"May Heaven forbid, that we should be terrified from enforcing wholesome discipline against those who will not submit to the spirit of our Saviour's precepts, in proportioning their gratuities to the extent of their meaus! Without such discipline, our prayers and alms will be ineffectual, and the arm of our power will fall enervated and flaccid at our side.”

We doubt the possibility of carrying into effect this principle, without more injury than benefit to the cause of benevolence. It would, as we have shown, be exceedingly difficult, to adjust any rule to the varying cases of church members; and no rule could be applied, in practice, without a vexatious and unauthorized intrusion into a man's domestic and personal concerns. The Saviour's plan is the only safe and stable one. He has placed the duty of liberality on the basis of gratitude and love to him. If there be enlightened and warm piety, there will be a free surrender of property for bis service; but if the heart is cold and worldly, no ecclesiastical legislation can so srnite the rock as to draw forth the copious and fertilizing waters.

”—p. 187.

This topic connects itself with another, which is discussed by Mr. Church ;—the manner of raising funds for benevolent purposes. He makes some just remarks on the difficulties and inexpediency of employing so much agency as is now necessary to collect money. It is, indeed, an evil, that so many persons are obliged to expend time and money, in soliciting funds from the churches. Mr. Church proposes a different course :

“This is, for the churches to make out their own gratuities, with only so much foreign aid as may be necessary to enable them to distribute them judiciously, to inspire them with motives to a consistent liberality, or occasionally, perhaps, to assist them in making the collection itself. Such appears to have been the course of the primitive churches. The apostles brought objects of beneficence to their view,—either in person or by letter,-urged upon them the motives to liberality, and sometimes sent brethren to assist in collecting their bounty. At other times, they were doubtless left to make up their bounty without foreign aid.”—p. 312.

These suggestions are worthy of attention. Every church ought to consider itself as a society, constituted by the Saviour, not merely for the personal comfort of its members, but for combined action, in the promotion of his cause on earth. Each pastor is an agent for the Saviour, within his own church and congregation. It ought not to be necessary, that agents should visit the churches to solicit donations for the great and regular enterprises of the church. The claims of missions, education, the distribution of bibles and tracts, and various other operations, ought to be sufficiently understood by the pastor and by the church to produce regular contributions, without any foreign agency, except the magazines, religious papers, reports and other documents, which convey information respecting the plans, wants, successes and trials, of the respective enterprises. Special objects of benevolence must be presented by individual agents; but these objects ought to be as few as possible. They are usually of a local character, and ought, for the most part, to be sustained by the churches and individuals who are immediately connected with them.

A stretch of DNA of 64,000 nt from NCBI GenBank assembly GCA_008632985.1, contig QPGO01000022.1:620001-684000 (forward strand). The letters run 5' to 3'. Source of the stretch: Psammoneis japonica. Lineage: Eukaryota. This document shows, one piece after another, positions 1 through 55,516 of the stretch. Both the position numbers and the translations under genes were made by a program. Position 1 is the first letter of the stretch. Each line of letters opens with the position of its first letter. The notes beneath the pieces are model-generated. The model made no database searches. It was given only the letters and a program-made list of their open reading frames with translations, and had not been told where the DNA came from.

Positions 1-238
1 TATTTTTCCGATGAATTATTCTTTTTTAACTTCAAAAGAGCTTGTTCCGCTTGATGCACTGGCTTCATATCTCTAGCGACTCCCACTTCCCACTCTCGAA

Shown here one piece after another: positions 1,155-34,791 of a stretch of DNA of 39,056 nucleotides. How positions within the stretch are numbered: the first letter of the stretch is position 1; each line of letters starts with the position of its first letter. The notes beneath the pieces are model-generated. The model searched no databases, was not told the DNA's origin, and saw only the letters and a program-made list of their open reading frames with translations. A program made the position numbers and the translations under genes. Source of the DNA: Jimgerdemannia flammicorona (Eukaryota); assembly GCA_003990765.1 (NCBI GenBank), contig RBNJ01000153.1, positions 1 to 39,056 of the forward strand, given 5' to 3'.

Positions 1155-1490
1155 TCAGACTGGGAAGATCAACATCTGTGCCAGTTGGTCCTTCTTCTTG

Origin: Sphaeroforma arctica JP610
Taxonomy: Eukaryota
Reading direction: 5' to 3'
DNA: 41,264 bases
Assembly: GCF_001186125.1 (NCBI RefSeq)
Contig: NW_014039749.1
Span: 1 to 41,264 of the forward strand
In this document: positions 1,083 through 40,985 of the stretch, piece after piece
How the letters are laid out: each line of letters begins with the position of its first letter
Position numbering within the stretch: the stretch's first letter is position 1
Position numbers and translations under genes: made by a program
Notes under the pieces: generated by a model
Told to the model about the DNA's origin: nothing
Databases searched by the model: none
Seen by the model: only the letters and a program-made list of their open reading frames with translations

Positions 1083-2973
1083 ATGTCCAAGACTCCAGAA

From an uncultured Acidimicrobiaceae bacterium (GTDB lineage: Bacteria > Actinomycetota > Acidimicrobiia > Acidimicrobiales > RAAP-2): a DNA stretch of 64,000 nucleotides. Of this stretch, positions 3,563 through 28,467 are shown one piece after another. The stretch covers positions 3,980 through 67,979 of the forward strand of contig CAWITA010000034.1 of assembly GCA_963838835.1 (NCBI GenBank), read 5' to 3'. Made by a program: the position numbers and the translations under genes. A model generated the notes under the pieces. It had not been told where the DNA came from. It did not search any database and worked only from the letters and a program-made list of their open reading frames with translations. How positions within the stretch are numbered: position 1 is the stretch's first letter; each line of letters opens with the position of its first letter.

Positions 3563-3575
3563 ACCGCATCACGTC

Mr. Church proposes a plan for collecting, regularly, the contributions of the churches :

“We should, no doubt, find it to our advantage, to improve upon the apostle's hint, to make our collections on the first day of the week. The provision of a chest, like that which Jehoiada placed beside the altar, to receive the pious gratuities of the people, who came into the temple, added to the present furniture of the Christian sanctuary, to receive the portion in money or written pledges, which

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each member of the church may have consecrated to God from the income of the week, that thus his alms might go up with his prayers, however it might be regarded by the fastidious and unthinking, would seem to be the most natural and appropriate method that could be devised for bringing our offerings into the store-house.”

P. 313.

After quoting the words of Paul to the church at Corinth (1 Cor. 16:1, 2),—“Now concerning the collection for the saints, as I have given order to the churches of Galatia, even so do ye. Upon the first day of the week, let every one of you lay by him in store as God hath prospered him, that there be no gatherings when I come,”—Mr. Church adds :

“ Now, why do not these instructions, concerning the manner of collecting pious and charitable offerings, contain the force of law upon the Christian church? They had first been given to the churches of Galatia, which was a province of considerable extent, and are now repeated to the church of Corinth. Hence, they must have been generally acted upon by the primitive churches. They were delivered in the same tone of authority, for which all the apostolic decrees are distinguished; they settle principles founded in reason,—that gratuities should often be repeated, and should be proportioned to the various success of those by whom they are presenied; and why they are not more generally followed by the Christian church of the present age, in making her pious collections, does indeed appear singular. Thus, the Scriptures concur with the dictates of common sense, in rendering it obligatory upon Christians to bring with their weekly prayers to the sanctuary, their weekly gratuities, to improve the character and condition of a lost world. Let the churches adopt such a method of collecting the funds of benevolence, and much of the present trouble and expense of agencies would be superseded, while each would be continually pouring forth its rill to swell the river of mercy, which is destined to flow to all lands.”—Pp. 317, 318.

We think, that the apostle's meaning is not exactly represented in this extract. He refers to a contribution for one particular object, i. e., for the relief of the suffering Christians ; but he does not announce a general law, which is to govern all the donations of the churches. Paul does not, moreover, direct, that each member shall bring bis donation, every Sabbath, and deposite it in one common treasury ; but “let every one of you lay by him in store ;” nay tuviò, at home. (Wahl, in ver. napo.) In domo sua, ut Franco Galli, chez lui ;" i. e., in his own house, like the French, at home. (Rosenmüller.) Each one, then, was to lay by, at home, on the first day of the week, such a proportion of his weekly earnings as he might think proper; in order, that when the